Editorial: A more hopeful ASEAN
Paper Edition | Page: 6
Tensions in the South China Sea will evidently mark the ASEAN annual meeting in Phnom Penh this week. However, without any intention of belittling the danger of a military build-up in the resource-rich waters, the meeting offers a wonderful opportunity to answer staunch critics and point out the encouraging progress of reform in Myanmar.
When the ASEAN Regional Forum (ARF) is held on July 12, key global players will also be present, including the US, Russia, China, India, Japan, South Korea and the EU. International media will likely focus on the South China Sea conflict. The North Korean nuclear threat will also become another key issue during the “confidence building measure” gathering.
China and the Philippines have overlapping claims to territories in the South China Sea, along with other claimants such as Taiwan, Vietnam, Malaysia and Brunei. Beijing and Manila are intensifying their “megaphone” diplomacy with the latter apparently trying to remind the world of its close relationship with the US — its ally and former colonial master. Besides the South China Sea conflict, the North Korean nuclear threat will also be another key issue discussed in the meeting.
ASEAN is also in the final stage of transorming itself a single market. However, amid the collapse of the economy of several EU members, enthusiasm to follow the EU’s footsteps may into decline.
But aside from the internal divisions that may exist, the meeting in Phnom Penh is an excellent place for the foreign ministers of ASEAN’s member states to point out to the international community the regional grouping’s endurance and patience in persuading and convincing Myanmar’s leaders to end their brutal oppression against their people and their isolation from the outside world.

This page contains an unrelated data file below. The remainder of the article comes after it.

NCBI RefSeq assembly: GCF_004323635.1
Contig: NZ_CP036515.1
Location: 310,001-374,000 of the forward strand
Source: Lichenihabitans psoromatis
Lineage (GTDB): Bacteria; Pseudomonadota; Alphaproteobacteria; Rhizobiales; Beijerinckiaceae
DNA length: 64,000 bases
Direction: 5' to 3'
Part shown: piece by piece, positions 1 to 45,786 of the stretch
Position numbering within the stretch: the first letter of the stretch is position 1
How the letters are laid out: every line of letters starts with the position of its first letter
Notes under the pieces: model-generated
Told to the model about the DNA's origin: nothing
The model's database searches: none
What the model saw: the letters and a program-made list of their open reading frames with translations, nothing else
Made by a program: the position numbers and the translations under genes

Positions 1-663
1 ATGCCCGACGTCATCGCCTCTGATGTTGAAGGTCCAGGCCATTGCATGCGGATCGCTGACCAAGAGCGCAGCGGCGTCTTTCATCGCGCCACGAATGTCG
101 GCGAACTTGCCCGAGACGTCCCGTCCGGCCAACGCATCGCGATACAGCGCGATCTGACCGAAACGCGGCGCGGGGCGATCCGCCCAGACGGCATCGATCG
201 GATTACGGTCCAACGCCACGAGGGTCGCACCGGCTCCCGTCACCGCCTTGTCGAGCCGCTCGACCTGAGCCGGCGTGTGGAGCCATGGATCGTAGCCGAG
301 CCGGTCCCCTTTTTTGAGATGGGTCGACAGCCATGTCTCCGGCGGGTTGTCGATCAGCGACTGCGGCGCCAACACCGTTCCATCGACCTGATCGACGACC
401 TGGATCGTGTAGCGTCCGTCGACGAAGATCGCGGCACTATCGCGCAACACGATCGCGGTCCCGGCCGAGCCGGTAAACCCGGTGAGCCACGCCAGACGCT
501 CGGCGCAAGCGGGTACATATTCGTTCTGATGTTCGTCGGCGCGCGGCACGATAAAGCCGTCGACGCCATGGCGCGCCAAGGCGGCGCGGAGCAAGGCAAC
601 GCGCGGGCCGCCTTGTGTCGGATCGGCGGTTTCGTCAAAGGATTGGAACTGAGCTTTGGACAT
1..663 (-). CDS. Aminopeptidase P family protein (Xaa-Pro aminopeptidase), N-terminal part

In the 1980s, Cambodia was ruined by a prolonged civil war between the Chinese-backed Khmer Rouge and Hun Sen, supported by Vietnam. In early 1990s, peace returned to Cambodia thanks to ASEAN’s tireless diplomatic activities, in which Indonesia played acrucial role.
It is very hard — even for the staunchest critics of ASEAN — to deny the claims of ASEAN’s leaders that
their often criticized policy has worked very well on Myanmar.
So when Myanmar’s Foreign Minister Wunna Maung Lwin attends the annual ministerial ASEAN gathering in Phnom Penh, it will be the first time in more than a decade that his country is no longer viewed with hostility or tension.
Myanmar’s foreign minister will receive a much warmer welcome from his ASEAN colleagues and the dialogue partners of the regional grouping, like the US, EU, Japan, Australia, India, China and South Korea.
This is a big relief for Myanmar President Thein Sein, whose brave decision to end his country’s status as the world’s top pariah state clearly has resulted in positive changes, though many remain extremely cautious about the general’s real motives and commitment.
ASEAN leaders have promised the summit will be held in Myanmar in 2014, when the country is able to meet the demands of its own people for a better state.
Myanmar’s democracy icon Aung San Suu Kyi is also positive on the ongoing developments in her country, emphasizing that, “We don’t want to be shackled by the past. We want to use the past to build the future.”
ASEAN is obligated to ensure democratic reform is sustainable in the impoverished state. But the leaders should also remember that other ASEAN countries have serious democratic deficits. Thailand, once a champion of democracy in the region, is still fragile and it may be a matter of time before military flexes its muscles again against the civilian government.
We hope that this ASEAN annual gathering will produce more concrete results. Reduced hostility in the South China Sea is one expected outcome from the regional, and also global, defense and security dialogue in Phnom Penh.
ASEAN has shown encouraging progress in many fields, and the improvements in Myanmar are one of the group’s most significant achievements.